The question was asked, can I automate the install of Windows via ASI and the DTM if I need to install a mass storage device driver during setup. The answer is yes. The procedure is probably familiar to you if you work with these types of devices. However, there is a “but.” Here are the details…
ASI works by building an unattend file on the fly and using that to automate the install of the operating system. Therefore, if you want to automate the install of a mass storage device you follow the existing process for automating the install of these device drivers. That process is detailed in the Microsoft KB article Q28834.
It all seems pretty straight-forward until you get to step #7…
Edit the Unattend.txt file that you are using to perform your unattended installation by using any standard text editor such as Notepad or EDIT.
How do I edit an unattend.txt file that is going to be created on the fly? Luckily ASI provides two switches which allow you to do exactly that. The –unattend switch allows you to specify a different unattend.txt than the one ASI builds. This may be useful in some cases, but defeats a lot of the ASI automation because it completely overrides the ASI unattend.txt. The –unattendfragment and –unattendoverride switches are more useful. They allow you to override the setting in the unattend.txt which ASI created.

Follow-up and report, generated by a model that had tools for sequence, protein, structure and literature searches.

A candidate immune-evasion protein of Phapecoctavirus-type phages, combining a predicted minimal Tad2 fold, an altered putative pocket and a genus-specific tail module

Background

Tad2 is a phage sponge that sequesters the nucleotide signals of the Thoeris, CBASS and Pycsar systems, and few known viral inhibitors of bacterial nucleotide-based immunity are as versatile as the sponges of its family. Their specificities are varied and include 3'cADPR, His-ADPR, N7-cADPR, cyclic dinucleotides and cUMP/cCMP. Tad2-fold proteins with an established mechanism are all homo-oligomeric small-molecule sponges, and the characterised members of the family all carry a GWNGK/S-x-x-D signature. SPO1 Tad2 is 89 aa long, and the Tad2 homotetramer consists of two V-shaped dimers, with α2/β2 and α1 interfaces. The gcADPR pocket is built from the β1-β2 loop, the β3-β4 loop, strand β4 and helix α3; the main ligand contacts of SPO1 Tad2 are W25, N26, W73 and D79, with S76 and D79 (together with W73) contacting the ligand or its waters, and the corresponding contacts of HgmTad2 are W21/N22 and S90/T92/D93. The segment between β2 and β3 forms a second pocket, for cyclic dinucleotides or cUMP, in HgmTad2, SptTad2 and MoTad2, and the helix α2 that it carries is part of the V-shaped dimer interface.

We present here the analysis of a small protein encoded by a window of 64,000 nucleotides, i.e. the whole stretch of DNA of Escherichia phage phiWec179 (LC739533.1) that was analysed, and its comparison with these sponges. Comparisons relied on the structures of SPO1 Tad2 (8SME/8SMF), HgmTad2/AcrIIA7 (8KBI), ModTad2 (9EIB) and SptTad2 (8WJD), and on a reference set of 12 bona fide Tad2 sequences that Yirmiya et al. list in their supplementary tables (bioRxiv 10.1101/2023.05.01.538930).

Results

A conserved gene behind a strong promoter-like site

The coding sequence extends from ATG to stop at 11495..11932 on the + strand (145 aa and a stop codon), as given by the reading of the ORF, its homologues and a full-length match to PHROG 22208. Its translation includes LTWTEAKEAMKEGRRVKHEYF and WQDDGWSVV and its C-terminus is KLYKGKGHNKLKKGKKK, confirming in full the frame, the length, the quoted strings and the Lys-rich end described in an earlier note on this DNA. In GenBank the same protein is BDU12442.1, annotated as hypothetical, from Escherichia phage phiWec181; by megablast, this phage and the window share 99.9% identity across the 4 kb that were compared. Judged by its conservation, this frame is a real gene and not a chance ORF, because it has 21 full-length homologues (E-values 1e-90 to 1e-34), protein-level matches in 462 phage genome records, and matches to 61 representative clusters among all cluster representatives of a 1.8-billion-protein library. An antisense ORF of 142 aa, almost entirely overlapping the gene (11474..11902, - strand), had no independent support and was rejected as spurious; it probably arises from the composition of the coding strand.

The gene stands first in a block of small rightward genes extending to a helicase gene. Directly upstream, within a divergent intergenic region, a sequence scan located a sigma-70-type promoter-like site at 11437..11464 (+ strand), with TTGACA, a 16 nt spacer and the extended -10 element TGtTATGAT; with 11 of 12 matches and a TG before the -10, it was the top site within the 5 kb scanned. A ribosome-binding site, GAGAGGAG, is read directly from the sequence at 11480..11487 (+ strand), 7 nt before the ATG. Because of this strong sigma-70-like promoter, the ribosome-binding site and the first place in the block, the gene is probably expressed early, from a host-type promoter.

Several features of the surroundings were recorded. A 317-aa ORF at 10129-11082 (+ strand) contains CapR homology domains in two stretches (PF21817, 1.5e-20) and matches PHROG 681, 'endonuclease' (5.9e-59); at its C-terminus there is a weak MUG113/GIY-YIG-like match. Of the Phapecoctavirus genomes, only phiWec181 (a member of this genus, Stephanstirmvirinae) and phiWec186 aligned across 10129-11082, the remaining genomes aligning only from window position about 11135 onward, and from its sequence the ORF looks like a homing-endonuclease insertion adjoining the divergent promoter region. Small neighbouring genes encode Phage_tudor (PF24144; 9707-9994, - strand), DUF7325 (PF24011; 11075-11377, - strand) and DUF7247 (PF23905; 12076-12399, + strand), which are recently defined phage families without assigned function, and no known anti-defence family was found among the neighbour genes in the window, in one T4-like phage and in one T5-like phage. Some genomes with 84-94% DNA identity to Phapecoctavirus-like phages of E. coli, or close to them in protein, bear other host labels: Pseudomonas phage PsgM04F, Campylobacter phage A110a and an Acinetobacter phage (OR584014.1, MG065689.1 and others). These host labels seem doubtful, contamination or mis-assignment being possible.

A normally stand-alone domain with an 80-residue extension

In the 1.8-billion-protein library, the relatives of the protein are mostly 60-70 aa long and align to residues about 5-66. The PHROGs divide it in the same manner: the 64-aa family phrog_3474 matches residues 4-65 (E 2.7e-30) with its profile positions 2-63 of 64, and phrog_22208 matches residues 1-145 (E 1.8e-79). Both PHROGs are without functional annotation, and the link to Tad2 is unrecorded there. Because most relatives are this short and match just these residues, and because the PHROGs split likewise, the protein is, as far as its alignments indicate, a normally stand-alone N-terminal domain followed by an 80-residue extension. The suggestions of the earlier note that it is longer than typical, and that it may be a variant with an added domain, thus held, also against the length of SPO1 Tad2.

The two commands are very similar. –unattendoverride allows you to override a specific line in the unattend.txt file. You can use multiple –unattendoverride commands on the command line. –unatendfragment is probably a better choice for this application however. It allows you to specify a file which contains pieces of an unattend.txt file. The fragments in the file will override the settings in the unattend.txt that ASI creates. So, you can add the unattend.txt settings from steps 7-10 to a file and pass it to ASI on the command line using –unattendfragment.
Here is the “but.” This doesn’t work for Longhorn/Vista.